Saturday, October 19, 2013

A Turf Legend has Passed

Educator, Researcher, Mentor

Dr. Joseph M. Duich passed away this month. Dr. Duich was the most influential educator in golf course maintenance. It is easy to say and accurate as well to say that golf course maintenance, as it has evolved today, would be very different had he not been leading the way.

Golfers don't realize that one man was more responsible for the improvement of golf course conditioning than any other single factor in the game. Dr. Duich, a plant breeder by training, was responsible for all of the significant improved bentgrasses introduced from the late 1950s through the mid 1980s. At the same time he was training students to become golf course superintendents and overseeing Ph.D. candidates. He was a consultant to Augusta for more than two decades along with many other courses and he was always available by phone to any of us.

Joe, as I was able to call Dr. Duich many years after finishing school, led the Penn State turf program when it was the finest program in the country. I was accepted into the program in 1978. That year the average applicant was 22.4 years old and had already had two years of college and over 4 years experience working on golf courses. The year that I got in, 1978, there were 108 applicants for 35 spots in the two year program. In those days, Joe's former students were Superintendents at 15-20 of Golf Digest's Top 100 courses.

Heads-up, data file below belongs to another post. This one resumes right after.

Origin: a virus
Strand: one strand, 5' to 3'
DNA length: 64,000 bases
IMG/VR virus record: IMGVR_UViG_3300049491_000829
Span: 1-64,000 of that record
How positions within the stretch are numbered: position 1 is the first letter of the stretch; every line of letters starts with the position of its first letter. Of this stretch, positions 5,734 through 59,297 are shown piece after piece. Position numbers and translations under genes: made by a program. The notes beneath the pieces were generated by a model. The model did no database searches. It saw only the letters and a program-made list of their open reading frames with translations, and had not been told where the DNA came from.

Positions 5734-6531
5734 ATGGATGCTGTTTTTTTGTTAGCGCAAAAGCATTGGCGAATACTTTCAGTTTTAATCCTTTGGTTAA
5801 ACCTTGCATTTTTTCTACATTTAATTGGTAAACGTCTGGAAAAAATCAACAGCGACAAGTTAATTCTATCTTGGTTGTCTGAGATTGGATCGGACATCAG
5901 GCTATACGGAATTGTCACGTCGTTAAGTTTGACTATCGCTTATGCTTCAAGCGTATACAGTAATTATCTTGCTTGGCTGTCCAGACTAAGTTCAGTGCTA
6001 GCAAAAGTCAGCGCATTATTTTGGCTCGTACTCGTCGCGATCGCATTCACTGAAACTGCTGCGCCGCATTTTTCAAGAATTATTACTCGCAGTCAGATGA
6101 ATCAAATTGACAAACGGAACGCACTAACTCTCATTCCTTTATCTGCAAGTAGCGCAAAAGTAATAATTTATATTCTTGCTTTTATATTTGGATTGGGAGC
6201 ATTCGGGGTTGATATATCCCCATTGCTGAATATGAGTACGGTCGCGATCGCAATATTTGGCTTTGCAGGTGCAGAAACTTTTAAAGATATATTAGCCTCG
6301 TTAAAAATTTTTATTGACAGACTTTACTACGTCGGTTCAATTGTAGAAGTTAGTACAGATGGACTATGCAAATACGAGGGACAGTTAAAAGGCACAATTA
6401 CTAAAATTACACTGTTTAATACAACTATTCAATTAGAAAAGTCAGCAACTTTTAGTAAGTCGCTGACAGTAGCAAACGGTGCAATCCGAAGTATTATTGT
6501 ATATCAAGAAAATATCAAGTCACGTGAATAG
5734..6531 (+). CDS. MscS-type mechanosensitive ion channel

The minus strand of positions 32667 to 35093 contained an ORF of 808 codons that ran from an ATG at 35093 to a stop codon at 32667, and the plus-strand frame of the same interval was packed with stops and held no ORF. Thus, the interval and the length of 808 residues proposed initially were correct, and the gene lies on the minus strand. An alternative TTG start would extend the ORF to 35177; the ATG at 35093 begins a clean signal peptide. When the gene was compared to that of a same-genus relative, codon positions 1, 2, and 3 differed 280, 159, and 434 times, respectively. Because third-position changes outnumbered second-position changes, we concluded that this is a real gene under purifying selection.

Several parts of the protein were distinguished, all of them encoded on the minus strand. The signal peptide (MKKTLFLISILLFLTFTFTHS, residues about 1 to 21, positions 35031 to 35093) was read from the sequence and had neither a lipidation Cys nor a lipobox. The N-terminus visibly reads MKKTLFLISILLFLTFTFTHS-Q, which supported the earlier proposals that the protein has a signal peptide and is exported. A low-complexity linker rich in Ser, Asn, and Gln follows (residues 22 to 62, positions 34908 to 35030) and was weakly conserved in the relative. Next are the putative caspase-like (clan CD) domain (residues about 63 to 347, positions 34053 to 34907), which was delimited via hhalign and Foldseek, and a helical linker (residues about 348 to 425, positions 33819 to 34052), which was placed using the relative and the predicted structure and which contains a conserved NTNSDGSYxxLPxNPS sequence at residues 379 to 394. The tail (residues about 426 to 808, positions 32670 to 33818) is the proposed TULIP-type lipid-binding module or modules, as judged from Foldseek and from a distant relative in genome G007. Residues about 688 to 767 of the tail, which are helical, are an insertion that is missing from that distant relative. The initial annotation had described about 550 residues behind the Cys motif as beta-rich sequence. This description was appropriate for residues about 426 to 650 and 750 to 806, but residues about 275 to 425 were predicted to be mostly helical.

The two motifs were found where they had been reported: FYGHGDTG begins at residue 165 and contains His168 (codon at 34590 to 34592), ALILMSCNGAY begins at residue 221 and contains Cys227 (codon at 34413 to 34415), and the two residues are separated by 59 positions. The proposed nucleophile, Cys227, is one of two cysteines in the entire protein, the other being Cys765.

As an educator, Joe was really different. He rarely answered a question outright; typically, he would fire back with a few questions that would steer you and allow you to figure it out yourself. And if you were going to ask a question in class, you better have had your thoughts clearly formulated. Many of us can remember Joe dressing down a student that asked a "weak" question or statement. Joe took this as a teaching moment, he didn't want any of us to ever ask or state anything that wasn't well thought out. He taught us better thought processes along with turf.

What many of Joe's former students don't know, is that he gave the royalties from his grass breeding efforts back to the University to further the turf program.

Dr. Duich was instrumental in the careers of over 1,000 students and he changed golf course maintenance standards forever. He will be missed by his students. His influence on golf will continue.

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